Asthma is an inflammatory lung condition that causes the airways to narrow. Symptoms include shortness of breath, wheezing and coughing.
Asthma can come on suddenly. Although the majority of cases (95%) begin in childhood, around 12 in 1,000 adults develop asthma despite never having had any respiratory issues as children. It’s called adult-onset asthma.
Asthma can be life-threatening so it’s important to understand the signs and symptoms.
The earliest signs of adult-onset asthma will vary depending on underlying causes, but can include:
Initially, these asthma symptoms may be sporadic, but they can become more frequent over time. Many of these asthma signs can, of course, be manifestations of other conditions such as the flu, bronchitis or obesity.
But if symptoms become worse or respond to known triggers such as pet dander, smoke and allergic triggers, it’s important to seek help from a healthcare professional. Early intervention with inhaled corticosteroids has been shown to reduce the severity of adult-onset asthma.
Asthma symptoms and signs of an asthma attack can also be made worse when you get a cold or flu.
An attack happens when signs of asthma come on rapidly and worsen. Asthma attacks usually occur because the muscles in the airways tighten and restrict airflow.
Common symptoms of an asthma attack are:
If you’re already managing your asthma at home, but these symptoms don’t respond to inhaler treatment, call for emergency medical care immediately.
Mild asthma attacks are more common and following treatment, airway tightening will usually relax within a few minutes.
Patients should also monitor these signs of a developing asthma attack:
Asthma has many different symptoms and not everyone will experience all of them. Less common ones include:
You may want to monitor these symptoms if you have a child with asthma as they could be warning signs of an oncoming asthma attack.
The majority of patients will notice the first symptoms of asthma in childhood. Prevalence of the disease is much higher during the early life years, with an estimated 1 in 12 (or 6 million) children in the U.S. having asthma.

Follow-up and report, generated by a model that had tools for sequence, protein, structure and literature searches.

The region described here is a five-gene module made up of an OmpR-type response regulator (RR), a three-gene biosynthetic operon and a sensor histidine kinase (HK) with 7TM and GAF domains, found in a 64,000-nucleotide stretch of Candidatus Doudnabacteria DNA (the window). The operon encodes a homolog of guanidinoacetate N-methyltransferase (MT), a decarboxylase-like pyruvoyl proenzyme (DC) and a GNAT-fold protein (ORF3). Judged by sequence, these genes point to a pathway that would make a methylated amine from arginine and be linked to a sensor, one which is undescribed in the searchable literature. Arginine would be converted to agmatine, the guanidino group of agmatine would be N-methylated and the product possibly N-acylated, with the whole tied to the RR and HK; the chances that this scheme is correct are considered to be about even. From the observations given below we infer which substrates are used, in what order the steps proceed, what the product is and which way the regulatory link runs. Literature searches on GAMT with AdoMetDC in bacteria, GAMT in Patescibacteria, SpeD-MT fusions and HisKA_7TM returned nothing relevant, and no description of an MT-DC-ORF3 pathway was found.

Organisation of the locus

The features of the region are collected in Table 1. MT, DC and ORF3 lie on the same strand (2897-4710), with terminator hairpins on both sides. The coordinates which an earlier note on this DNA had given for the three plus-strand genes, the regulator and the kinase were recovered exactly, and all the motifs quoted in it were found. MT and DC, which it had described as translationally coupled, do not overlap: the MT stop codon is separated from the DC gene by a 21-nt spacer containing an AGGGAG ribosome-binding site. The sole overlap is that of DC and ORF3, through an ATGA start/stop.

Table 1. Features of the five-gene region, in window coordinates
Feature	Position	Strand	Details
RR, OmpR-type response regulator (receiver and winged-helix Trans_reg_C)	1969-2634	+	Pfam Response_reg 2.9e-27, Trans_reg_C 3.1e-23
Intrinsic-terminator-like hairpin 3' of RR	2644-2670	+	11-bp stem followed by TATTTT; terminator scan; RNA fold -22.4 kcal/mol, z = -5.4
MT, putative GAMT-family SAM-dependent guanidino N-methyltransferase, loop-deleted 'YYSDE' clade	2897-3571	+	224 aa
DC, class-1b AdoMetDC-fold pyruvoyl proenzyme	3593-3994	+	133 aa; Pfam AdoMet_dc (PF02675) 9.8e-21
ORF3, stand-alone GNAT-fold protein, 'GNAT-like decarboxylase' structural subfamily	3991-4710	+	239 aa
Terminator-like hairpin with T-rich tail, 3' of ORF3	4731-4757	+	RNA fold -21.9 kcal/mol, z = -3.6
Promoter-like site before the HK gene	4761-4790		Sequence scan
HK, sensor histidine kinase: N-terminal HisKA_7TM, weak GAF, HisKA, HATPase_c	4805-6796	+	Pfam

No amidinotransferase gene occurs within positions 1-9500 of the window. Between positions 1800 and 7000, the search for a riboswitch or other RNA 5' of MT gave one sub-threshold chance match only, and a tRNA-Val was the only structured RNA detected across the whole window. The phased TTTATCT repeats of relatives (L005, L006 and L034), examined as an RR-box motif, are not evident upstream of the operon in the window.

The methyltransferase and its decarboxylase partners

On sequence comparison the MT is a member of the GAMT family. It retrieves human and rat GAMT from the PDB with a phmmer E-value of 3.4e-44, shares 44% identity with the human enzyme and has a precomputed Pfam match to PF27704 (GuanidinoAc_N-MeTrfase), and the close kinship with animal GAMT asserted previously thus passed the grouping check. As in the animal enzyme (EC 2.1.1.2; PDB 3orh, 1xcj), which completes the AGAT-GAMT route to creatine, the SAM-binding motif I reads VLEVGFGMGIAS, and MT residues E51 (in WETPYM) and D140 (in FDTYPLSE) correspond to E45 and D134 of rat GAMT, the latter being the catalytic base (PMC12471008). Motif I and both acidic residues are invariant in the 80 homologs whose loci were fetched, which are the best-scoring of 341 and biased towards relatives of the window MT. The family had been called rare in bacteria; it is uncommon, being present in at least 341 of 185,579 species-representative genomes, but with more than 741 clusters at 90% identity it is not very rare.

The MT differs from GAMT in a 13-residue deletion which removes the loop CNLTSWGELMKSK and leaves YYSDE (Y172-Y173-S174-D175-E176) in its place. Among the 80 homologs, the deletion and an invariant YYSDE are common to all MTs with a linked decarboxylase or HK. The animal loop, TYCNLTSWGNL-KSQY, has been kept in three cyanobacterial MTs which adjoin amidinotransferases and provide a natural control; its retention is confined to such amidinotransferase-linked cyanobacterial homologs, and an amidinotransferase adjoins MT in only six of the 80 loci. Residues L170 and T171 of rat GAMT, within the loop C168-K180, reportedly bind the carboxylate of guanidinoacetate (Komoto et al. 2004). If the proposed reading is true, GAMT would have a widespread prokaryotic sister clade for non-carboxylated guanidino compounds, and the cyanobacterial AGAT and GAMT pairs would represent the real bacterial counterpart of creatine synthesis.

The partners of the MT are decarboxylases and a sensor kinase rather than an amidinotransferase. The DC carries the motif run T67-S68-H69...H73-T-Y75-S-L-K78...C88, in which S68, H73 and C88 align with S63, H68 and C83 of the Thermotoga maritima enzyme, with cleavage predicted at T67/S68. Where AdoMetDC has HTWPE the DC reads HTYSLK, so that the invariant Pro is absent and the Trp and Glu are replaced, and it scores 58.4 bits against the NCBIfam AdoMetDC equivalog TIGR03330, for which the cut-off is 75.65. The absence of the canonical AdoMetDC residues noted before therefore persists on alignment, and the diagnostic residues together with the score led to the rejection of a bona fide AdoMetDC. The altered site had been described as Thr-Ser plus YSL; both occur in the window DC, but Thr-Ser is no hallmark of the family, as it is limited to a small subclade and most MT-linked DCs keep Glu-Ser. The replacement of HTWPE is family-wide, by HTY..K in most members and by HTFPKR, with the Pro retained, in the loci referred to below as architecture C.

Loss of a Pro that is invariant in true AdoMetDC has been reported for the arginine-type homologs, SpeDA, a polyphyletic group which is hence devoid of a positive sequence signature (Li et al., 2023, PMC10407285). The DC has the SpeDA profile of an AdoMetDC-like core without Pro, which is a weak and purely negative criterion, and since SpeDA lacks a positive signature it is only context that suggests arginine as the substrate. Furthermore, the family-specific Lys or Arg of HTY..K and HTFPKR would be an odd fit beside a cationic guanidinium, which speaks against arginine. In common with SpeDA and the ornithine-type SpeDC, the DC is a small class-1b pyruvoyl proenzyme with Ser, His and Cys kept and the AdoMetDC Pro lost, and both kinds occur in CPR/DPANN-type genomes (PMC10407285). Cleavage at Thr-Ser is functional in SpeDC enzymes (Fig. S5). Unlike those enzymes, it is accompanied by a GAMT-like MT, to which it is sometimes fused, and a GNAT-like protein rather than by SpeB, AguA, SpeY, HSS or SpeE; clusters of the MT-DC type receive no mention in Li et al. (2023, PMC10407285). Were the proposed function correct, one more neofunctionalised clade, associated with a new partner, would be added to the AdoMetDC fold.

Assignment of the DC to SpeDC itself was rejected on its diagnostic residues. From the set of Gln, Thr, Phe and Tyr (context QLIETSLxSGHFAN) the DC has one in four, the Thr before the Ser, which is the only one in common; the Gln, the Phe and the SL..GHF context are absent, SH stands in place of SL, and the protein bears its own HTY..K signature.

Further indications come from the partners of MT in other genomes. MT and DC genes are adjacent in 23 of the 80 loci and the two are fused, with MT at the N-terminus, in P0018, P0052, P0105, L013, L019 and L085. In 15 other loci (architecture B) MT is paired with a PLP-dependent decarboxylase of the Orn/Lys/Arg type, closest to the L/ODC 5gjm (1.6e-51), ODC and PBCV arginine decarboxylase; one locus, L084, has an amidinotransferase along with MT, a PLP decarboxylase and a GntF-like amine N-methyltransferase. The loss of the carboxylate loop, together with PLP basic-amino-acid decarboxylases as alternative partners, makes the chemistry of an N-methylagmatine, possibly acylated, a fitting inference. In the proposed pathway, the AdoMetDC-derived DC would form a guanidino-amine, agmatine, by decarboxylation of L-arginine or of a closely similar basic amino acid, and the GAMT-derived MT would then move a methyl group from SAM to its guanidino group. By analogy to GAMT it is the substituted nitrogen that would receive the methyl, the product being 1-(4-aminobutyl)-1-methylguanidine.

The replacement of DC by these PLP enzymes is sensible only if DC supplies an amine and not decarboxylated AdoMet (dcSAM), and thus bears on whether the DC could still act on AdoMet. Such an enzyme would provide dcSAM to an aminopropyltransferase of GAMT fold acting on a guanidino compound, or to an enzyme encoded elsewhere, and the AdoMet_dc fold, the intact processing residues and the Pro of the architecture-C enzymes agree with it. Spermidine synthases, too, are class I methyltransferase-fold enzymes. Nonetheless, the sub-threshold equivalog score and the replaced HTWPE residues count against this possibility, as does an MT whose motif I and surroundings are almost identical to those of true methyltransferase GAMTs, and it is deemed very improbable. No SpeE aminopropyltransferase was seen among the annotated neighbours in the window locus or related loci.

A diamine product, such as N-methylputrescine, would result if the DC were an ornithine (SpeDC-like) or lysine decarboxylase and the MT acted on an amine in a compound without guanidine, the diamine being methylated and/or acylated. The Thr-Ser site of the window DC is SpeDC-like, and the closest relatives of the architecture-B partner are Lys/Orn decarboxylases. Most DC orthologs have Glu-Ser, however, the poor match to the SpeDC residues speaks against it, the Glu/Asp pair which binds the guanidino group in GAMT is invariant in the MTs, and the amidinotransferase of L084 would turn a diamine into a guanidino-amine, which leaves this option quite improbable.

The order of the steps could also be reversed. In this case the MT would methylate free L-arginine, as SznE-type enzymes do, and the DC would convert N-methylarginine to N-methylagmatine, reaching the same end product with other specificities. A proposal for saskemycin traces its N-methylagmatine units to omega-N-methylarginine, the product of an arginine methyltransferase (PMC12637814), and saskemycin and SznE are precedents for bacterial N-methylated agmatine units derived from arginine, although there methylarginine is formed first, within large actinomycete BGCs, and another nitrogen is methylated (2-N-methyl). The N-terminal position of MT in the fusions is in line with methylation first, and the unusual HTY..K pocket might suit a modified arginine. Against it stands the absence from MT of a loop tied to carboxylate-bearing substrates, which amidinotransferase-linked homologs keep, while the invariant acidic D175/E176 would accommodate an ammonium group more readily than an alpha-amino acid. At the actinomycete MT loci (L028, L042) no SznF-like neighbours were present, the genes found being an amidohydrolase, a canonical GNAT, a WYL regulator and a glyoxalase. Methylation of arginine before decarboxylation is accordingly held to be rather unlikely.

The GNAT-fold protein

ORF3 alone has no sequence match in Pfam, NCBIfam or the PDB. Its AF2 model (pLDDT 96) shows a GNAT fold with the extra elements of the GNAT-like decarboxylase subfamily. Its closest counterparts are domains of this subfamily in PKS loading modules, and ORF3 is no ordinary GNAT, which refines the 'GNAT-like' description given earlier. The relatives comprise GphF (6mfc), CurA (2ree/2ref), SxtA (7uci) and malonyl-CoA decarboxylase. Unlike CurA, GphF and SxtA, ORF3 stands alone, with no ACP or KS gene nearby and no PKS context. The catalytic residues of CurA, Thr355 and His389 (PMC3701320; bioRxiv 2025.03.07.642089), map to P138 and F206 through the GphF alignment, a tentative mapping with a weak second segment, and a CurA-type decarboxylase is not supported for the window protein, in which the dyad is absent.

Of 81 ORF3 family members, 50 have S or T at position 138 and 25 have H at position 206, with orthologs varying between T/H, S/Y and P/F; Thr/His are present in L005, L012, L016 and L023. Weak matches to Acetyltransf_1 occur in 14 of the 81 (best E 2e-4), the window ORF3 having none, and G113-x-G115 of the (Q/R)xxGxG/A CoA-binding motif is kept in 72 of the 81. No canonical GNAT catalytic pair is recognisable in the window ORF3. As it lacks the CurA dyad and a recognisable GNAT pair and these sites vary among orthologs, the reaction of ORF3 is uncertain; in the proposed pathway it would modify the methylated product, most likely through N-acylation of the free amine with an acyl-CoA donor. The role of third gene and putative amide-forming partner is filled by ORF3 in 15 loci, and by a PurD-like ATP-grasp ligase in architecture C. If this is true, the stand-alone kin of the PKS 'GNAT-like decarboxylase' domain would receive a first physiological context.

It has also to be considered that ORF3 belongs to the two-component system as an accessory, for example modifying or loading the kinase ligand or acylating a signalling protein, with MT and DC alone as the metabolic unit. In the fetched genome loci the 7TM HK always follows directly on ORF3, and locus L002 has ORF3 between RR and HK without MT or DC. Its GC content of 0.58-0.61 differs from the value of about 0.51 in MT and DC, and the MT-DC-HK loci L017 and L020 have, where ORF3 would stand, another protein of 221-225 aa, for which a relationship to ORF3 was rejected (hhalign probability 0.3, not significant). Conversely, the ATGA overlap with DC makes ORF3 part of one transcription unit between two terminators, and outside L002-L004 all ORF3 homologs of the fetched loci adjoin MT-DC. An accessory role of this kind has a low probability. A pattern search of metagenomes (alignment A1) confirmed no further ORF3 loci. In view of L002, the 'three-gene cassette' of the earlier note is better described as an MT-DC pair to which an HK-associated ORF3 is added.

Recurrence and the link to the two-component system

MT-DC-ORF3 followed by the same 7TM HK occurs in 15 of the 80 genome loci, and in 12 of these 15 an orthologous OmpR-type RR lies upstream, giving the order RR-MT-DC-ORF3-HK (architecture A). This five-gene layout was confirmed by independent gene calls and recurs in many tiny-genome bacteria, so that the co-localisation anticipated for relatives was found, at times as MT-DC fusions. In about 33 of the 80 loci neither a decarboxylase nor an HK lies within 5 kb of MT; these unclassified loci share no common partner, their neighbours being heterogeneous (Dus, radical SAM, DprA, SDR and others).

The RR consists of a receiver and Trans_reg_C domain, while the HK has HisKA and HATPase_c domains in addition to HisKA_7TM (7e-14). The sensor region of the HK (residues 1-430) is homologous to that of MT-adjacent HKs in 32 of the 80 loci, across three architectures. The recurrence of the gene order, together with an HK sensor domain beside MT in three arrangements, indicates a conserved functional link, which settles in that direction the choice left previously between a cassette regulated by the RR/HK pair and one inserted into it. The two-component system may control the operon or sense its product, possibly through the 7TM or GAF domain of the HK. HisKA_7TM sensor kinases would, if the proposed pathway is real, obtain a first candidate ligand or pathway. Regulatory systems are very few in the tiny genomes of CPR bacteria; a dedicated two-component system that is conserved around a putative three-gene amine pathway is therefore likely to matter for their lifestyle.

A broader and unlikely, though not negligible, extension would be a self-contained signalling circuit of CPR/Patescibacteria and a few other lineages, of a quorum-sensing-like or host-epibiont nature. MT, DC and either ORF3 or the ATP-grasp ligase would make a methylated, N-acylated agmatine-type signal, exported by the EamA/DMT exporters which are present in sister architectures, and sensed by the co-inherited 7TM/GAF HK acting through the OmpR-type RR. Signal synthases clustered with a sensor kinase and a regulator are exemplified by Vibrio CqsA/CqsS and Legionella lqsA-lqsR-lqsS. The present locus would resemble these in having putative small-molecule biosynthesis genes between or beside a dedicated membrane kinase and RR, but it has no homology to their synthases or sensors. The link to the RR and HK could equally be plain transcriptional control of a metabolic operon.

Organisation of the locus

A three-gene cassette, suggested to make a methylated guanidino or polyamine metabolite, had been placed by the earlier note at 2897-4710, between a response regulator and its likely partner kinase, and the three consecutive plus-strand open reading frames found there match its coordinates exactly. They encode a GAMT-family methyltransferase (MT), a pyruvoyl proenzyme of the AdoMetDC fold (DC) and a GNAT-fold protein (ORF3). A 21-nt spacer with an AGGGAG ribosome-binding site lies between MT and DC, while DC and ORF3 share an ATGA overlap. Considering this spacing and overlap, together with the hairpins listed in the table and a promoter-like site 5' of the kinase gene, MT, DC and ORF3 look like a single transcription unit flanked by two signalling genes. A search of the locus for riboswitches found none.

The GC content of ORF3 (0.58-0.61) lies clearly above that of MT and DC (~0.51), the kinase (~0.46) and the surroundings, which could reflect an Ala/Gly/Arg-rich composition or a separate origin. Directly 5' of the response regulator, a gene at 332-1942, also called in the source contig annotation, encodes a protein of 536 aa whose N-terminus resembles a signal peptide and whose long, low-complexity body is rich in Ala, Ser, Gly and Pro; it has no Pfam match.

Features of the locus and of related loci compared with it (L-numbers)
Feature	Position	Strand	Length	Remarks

The most important symptom of childhood asthma is wheezing, especially at normal room temperature. Studies have shown that the early stages of asthma are marked by recurrent episodes of wheezing during childhood.
Other symptoms of childhood asthma include chronic coughing and trouble breathing. Some symptoms may initially be misdiagnosed for a respiratory infection, but if they recur, they could be a sign of developing childhood asthma. The frequency of asthma episodes, however, may be relatively low with 75% of children having a second attack within 3 years of their initial diagnosis.
Parents should also monitor if their kids’ symptoms are made worse by common asthma triggers such as viral infections, smoke or pet dander. It is now fairly well established that asthma in very young children (0 to 3 years) can be triggered by a viral infection.
Multiple genes are now associated with asthma, and it’s been shown that parents with asthma often have children with similar symptoms. Boys are more likely to develop asthma in childhood up until puberty.
There are also various environmental factors during pregnancy which can contribute to the development of asthma. They include smoking and diets high in sugar whilst pregnant. Meanwhile, supplementing with vitamin E, zinc and polyunsaturated fatty acids during pregnancy has been shown to be protective.
Premature birth can raise the risk of asthma. And there’s some evidence to suggest that children who are exposed to certain medications like antibiotics or antipyretics may be more prone to asthma, but the jury is still out on these findings.
If you believe your child may be displaying symptoms of asthma, consult a doctor. Early management may make asthma more controllable long-term. Failure to treat asthma can be life-threatening.